Over the years, vaccines have prevented countless cases of disease and saved millions of lives. Vaccination is one of the best ways to protect yourself and your loved one from potentially harmful diseases. Diseases preventable by vaccine can be very serious and may lead to hospitalization or death – especially among infants, young children and the elderly.
Vaccines are made from very small amounts of weak or dead germs that can cause diseases – for example, viruses, bacteria, or toxins. It prepares your body to fight the disease faster and more effectively so you won’t be sick, or at least not weaken the affects of the disease.
Vaccines are available at doctor’s offices and many pharmacies. Most vaccines are covered by insurance. They don’t just protect you, but also those around you – like infants and people with weak or failing immune systems – who may not be able to get many vaccines.
The Food and Drug Administration (FDA) uses the information from these tests to decide whether to test the vaccine with people. During clinical trials, a vaccine is tested on people who volunteer to get vaccinated. Trials start with 20-100 people, but eventually grow to include thousands of volunteers. These test take several years. Throughout the process, the FDA works closely with the company producing the vaccines to evaluate the vaccine’s safety and effectiveness. All safety concerns must be addressed before the FDA licenses a vaccine.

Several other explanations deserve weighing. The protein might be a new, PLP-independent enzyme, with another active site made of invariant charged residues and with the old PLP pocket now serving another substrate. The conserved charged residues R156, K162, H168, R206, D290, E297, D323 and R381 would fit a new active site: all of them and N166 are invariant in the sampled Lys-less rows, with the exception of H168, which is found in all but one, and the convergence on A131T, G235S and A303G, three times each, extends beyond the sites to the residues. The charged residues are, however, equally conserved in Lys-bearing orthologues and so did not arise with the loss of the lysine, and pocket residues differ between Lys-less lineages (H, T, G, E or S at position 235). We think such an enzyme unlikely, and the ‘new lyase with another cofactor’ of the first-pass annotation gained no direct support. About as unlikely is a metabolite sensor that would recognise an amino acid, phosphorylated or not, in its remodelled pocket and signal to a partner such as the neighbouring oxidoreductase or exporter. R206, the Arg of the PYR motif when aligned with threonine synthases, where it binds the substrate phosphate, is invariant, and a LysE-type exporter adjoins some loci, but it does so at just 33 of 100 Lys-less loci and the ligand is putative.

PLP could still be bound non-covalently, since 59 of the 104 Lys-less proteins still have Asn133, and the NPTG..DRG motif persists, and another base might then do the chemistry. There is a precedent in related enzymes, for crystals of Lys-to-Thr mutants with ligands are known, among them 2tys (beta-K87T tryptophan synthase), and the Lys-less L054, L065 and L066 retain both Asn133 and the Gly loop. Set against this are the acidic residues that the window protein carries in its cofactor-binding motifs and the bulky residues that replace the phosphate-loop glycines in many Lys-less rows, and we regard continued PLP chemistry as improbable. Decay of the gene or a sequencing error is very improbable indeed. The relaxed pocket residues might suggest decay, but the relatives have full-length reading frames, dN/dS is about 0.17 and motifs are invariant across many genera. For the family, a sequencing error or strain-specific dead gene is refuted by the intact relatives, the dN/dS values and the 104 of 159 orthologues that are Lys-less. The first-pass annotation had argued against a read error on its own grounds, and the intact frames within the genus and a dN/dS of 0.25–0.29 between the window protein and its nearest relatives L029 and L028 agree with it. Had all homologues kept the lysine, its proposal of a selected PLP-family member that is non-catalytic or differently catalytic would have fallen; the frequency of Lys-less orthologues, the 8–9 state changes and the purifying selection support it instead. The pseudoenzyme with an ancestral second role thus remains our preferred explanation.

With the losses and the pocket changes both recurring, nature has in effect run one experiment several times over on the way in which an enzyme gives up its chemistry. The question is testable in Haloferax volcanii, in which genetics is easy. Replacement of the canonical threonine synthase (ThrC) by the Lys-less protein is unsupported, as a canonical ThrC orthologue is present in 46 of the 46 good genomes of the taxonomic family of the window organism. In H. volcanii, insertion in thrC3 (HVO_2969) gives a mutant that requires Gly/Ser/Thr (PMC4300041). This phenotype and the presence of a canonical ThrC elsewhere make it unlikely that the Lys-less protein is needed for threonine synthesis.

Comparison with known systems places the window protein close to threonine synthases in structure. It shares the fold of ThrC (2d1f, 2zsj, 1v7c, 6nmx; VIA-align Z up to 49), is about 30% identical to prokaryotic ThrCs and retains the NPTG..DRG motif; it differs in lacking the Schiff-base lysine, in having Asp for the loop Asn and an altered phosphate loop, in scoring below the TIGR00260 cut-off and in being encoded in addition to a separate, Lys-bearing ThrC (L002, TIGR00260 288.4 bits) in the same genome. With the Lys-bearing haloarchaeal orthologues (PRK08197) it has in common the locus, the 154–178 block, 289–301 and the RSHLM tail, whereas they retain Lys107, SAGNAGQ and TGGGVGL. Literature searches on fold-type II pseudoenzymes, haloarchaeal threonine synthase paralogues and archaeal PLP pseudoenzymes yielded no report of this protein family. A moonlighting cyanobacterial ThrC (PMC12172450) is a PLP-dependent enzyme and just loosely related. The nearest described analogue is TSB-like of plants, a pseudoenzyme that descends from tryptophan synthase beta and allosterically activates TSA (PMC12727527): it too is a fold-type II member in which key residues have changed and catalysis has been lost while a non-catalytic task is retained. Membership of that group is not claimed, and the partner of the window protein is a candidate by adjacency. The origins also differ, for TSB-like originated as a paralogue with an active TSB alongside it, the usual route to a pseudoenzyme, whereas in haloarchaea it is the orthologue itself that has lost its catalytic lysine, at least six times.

Every batch of vaccines is tested for quality and safety. Once a vaccine is approved, it continues to be tested. The company that makes the vaccine tests batches to make sure the vaccine is potent, pure, and sterile. The FDA reviews the results of these tests and inspects the factories where the vaccine is made. This helps make sure the vaccines meet standard for both quality and safety.
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